Not much is happening in Ray’s life and the situation for his parents seems pretty desperate as well. His stepdad has very large gambling debts to pay back to a ruthless local standover man and drug dealer Pat (played deliciously by John Noble). Ray sees all of this and one night when his teammate Gavin (Leigh Whannell) suggests bringing back heroin (at the behest of Pat) with them from the footie team’s end of year trip to Thailand he reluctantly agrees. The trip is pretty uneventful and everything goes pretty smoothly. Once he arrives back at Melbourne airport, the trouble starts. Ray is a nervous mess walking through customs and this leads to his incarceration in a nearby hotel. The reason? The police are pretty sure that he has condoms full of heroin in his stomach. Ray is no fool though. He refuses an X-ray and also claims he’s allergic to laxatives. It’s up to Paris (Ewan Leslie) and Croft (Hugo Weaving) our Federal Police to wait it out and till Ray empties his stomach.

Much of the “action” is set in the hotel and this movie seems like a one note riff on poo but really it is a bit deeper than that. The series of events that Ray’s detainment triggers spirals into the lives of all around him. As Ray struggles not to go to the toilet Pat learns about Ray’s fate and the fact that Gavin bought more heroin than was required. Pat is not the type to go down easily. He calls for the most violent remedies to the situation and dispatches his goons for both Ray and Gavin.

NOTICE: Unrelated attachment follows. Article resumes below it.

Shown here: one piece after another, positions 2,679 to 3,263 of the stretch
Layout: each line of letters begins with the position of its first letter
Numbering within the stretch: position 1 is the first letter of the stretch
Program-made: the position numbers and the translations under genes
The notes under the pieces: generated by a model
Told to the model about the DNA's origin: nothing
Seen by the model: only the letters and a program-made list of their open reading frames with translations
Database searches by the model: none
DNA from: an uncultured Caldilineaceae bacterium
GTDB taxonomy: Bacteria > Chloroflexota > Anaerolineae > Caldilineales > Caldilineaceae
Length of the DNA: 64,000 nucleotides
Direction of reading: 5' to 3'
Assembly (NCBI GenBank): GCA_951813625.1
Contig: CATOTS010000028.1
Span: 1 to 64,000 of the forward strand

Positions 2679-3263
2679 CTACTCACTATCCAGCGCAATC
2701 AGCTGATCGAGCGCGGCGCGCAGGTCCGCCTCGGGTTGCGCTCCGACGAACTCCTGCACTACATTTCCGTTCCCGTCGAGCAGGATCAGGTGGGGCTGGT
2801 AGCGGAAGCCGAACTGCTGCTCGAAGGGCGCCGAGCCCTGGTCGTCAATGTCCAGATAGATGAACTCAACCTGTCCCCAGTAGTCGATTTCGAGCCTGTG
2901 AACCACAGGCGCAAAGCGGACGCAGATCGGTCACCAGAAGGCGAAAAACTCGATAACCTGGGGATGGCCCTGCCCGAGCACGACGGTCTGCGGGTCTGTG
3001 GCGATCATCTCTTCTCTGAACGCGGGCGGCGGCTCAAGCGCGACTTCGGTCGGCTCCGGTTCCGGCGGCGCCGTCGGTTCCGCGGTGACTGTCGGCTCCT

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THE MULE | SALTY POPCORN MOVIE REVIEW | PAT SHEPHERD (JOHN NOBLE)

 

It was only about half way through the proceedings that I realised that Sampson and Whannell are the paranormal investigators in the Insidious series. Perhaps because they have spent so much time together on camera recently their performances are really great to watch.  The writing here is well paced. It really draws an escalating series of wicked plot twists from the material. It is low key and dark but punchy and highly effective. It is also brutally funny and sometimes just plain brutal. There is almost an element of Hitchcock there. You know the classic trope of an ordinary guy in way over his head and inexorably turning the screw.

Sampson’s portrayal of Ray really lifts this above the ordinary. He really does some amazing physical work here. What is also unusual is that this role is largely a reactive one – taciturn, squirming and humiliated, but still having to suggest a dull canniness that every other character underestimates. Whannell is excellent, easily the best thing I have seen him in. Veterans Noble and Weaving are clearly enjoying themselves in this as well. Noble’s turn as Pat is solid and menacing. Hugo Weaving is one of this country’s finest and he really looks like he is enjoying being the sneering almost Gorilla like bent policeman.

 

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THE MULE | SALTY POPCORN MOVIE REVIEW | RAY JENKINS (ANGUS SAMPSON)

 

The strong characters really give THE MULE its extra punch. It is a violently funny comedy and shockingly effective, even at times a gleefully nauseating thriller. But here’s the thing; while THE MULE serves up some pretty extreme situations – and they’re undoubtedly some of its selling points – it genuinely doesn’t wallow in them. There’s a sensitivity and subtlety here, in and out of the lavatory, that mark it out as way smarter and more sophisticated than most.

I had a lot of fun with this one.

 

4 Pops